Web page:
Over on Jeff’s SpacePolitics site, there is a discussion going on right now about a recent poll on the relevance of space. While much of the discussion was interesting as usual, I particularly liked the point made by a fellow 20-something by the name of James:
Those who support the current lunar program often forget the opportunity costs. There are better ways to spend the same money on developing space. Iâ€™m 24 – with the current Constellation program plan, Iâ€™ll be in my mid 30s by the time we get back to the moon. If we operate the system for a decade or two after that, as is likely, all I can expect in my career is to see 4 people land on the moon twice a year. That is not exciting – nor is it worth the money. Maybe by the time I retire weâ€™ll be looking at another â€œnext generation systemâ€.
Whatâ€™s the point of any of this for someone my age?
Two of the replies to his question more or less missed what I saw as the key point, and instead mostly fixated on the question at the end–taking it as a sign of greed, self-centeredness, shortsightedness, etc. Personally, I don’t think for a second that James was being whiny or impatient or ADD (as our generation is often accused of). I think he’s asking a very valid and timely question.
While I know it’s somewhat vain to quote oneself, I think the point I made there bears repeating:
If our current approach to space development was actually putting in place the technology and infrastructure needed to make our civilization a spacefaring one, Iâ€™d be a lot more willing to support it. Wise investments in the future are a good thing, but NASAâ€™s current approach is not a wise investment in the future. Itâ€™s aging hipsters trying to relive the glory days of their youth at my generationâ€™s expense.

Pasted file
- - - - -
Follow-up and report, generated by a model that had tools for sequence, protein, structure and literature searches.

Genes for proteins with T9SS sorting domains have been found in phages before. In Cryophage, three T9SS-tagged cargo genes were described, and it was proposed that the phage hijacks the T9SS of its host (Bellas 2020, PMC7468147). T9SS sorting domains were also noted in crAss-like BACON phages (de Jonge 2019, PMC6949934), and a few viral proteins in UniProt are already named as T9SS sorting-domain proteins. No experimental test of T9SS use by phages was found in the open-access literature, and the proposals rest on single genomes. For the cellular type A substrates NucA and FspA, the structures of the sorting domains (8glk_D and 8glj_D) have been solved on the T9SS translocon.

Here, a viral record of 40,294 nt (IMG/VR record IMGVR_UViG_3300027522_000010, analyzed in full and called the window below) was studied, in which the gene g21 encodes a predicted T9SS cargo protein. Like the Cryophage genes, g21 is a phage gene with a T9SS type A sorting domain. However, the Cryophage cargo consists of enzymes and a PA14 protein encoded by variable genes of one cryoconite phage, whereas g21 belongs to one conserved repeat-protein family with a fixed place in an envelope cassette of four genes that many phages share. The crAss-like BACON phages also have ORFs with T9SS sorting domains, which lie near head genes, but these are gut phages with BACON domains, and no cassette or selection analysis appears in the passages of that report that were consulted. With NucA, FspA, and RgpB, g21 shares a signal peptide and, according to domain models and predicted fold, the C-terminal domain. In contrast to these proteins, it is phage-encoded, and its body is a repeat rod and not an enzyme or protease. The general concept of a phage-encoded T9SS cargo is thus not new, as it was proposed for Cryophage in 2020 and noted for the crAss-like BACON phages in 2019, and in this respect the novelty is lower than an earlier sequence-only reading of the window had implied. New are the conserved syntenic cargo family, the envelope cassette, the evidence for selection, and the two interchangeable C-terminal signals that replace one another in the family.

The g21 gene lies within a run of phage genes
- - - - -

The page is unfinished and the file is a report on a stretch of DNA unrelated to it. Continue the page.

Patience is only a virtue when youâ€™re headed in the right direction and doing the right thing. If Constellation was truly (as Marburger put it) making future operations cheaper, safer, and more capable, then Iâ€™d be all for patiently seeing it out.
While Constellation might possibly put some people on the moon, it wonâ€™t actually put us any closer to routine, affordable, and sustainable exploration and development. I have no problem with a long hard road, just so long as its the right one.
As I discussed in my previous post on John Marburger’s speech, I discussed this important point. It’s not good enough for NASA to just be doing stuff in space. Sending people to the Moon in a way that doesn’t “reduce the cost or risk of future operations” isn’t a very responsible way of spending tax dollars that are going to be paid in large part by James and my generation.
Latest posts by Jonathan Goff (see all)
- Unorthodox Reusable Lunar Landers Concepts - June 12, 2021
- Goff Family 2021 Summer Sabbatical Part 1: Utah Trip - June 1, 2021
- Transitions and Summer Sabbatical - May 31, 2021